A director of the Australian Health Promotion Association, Glen Ramos, told Croakey that the “current ‘do close to nothing’ approach is probably one of the worst strategies to prevent or minimise the impact of COVID”.

“It’s incredibly inequitable, impacting on those most vulnerable in our communities who are least able to take ‘personal responsibility’,” he said.

Ramos suggested a range of measures to minimise the impact of COVID that “would vary to the local context”, including having a greater focus on reducing transmission, facilitating clean air especially indoors, and a “more detailed communication strategy around the real health impacts of repeated COVID infections including long COVID”.

In an article for Croakey last November, he urged those making public health policy “to remember that health equity requires attention to privileging the needs and concerns of those most at risk from current structures and policies”.

Public health failure

Australian-born artist, researcher and evaluator Dr Karen McPhail-Bell told Croakey she noticed a real difference in the way people in South East Queensland respond to COVID compared to the Bay Area, California, where she now lives.

She told Croakey that an elderly family member recently contracted COVID at an event held at a residential retirement village and, a couple of months later, is still suffering associated health problems.

“It’s like people don’t have any memory of COVID [in SE Queensland]. Wherever I go, I’m usually the only one wearing a mask,” she said.

While the USA has dropped its COVID-19 State of Emergency and most of the associated public health measures, she “still saw people wearing masks” and “COVID-conscious people around” where she lived, although she points out the USA and even California are so diverse, it is hard to make comparisons between jurisdictions.

“People are being let down” in Australia, McPhail-Bell said.

“There’s a complete failure of public health messaging. People often don’t know what the symptoms are and how it’s airborne, and there’s almost no mention of long COVID anywhere. It’s so unfair on everyday people that they don’t understand their own risk and protect to care for each other.”

She wondered if Australia’s response to the pandemic is “an extension of colonial capitalism”, which has a pattern of fuelling misinformation and attacks on science, and promoting medical solutions for public health issues.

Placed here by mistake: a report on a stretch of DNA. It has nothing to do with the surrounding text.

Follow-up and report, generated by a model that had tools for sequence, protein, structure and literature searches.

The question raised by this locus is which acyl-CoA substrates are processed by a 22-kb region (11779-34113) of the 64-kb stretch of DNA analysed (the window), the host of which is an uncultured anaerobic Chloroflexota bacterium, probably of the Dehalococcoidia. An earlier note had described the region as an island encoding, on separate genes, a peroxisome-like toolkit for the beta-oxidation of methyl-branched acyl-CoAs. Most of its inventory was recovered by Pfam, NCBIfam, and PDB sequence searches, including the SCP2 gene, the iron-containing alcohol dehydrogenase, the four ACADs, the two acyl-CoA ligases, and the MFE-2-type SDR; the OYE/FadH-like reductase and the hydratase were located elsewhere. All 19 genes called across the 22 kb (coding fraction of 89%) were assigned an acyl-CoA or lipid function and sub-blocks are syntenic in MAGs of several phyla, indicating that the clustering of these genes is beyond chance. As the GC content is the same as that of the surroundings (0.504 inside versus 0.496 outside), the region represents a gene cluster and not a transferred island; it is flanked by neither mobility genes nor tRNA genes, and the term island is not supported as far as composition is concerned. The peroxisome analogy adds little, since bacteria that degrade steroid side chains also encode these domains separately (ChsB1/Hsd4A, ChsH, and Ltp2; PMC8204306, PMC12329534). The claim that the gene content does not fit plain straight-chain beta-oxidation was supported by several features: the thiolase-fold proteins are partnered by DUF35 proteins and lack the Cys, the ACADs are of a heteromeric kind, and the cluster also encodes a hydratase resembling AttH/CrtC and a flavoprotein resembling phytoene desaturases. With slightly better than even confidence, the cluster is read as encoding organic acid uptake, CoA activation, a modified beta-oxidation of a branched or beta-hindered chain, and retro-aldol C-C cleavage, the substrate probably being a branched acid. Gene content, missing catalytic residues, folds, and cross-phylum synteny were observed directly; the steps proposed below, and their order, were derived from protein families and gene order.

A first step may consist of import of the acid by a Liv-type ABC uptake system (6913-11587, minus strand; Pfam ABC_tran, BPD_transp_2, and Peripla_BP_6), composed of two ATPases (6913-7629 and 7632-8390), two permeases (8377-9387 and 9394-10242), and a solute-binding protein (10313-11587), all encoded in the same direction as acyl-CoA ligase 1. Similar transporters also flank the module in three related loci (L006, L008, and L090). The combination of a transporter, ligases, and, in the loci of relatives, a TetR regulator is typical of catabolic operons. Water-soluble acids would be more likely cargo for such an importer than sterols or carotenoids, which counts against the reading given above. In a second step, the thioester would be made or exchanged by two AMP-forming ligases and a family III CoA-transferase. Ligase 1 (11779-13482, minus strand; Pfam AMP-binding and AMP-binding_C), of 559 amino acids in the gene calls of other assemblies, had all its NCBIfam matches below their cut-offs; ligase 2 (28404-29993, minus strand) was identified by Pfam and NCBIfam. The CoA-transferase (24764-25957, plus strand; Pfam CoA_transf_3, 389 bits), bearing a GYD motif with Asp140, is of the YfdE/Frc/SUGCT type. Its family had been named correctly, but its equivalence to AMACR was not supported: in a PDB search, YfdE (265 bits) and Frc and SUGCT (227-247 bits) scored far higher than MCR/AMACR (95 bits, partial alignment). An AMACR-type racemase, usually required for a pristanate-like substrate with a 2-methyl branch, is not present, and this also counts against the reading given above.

McPhail-Bell, who left Australia five-and-a-half years ago, said “the thing that keeps baffling me is, before I left for the US, I feel like there were a lot more public health folks who would have been fighting against the ableism and inequity we see in Australia’s COVID response”.

Australia has no “right to call ourselves one of the best health systems in the world when we’re failing so many people,” she said.

She suggested that with the limited top-down response, more support is required for community-led bottom-up responses.

“It seems so important right now” to have systems for mutual aid and protecting workers, she said, in ways that centre those affected by COVID’s impacts.

Inequitable outcomes

COVID mortality is affecting some groups of people disproportionately.

According to recent ABS data on COVID-19 mortality since the beginning of the pandemic until 31 May 2023, people born overseas have a greater risk of dying from COVID than people born in Australia (16.1 deaths per 100,000 compared to 11.4 deaths).

People living in the most disadvantaged quintiles of Australia, as per the Socio-Economic Indexes for Areas (SEIFA), were nearly three times more likely to die due to COVID than those in the least disadvantaged quintile.

The same report also highlighted that the mortality rate from COVID is 1.6 times greater for Aboriginal and Torres Strait Islander people than non-Indigenous people. The highest age-standardised death rate for Aboriginal and Torres Strait Islander people was among those living in remote and very remote areas.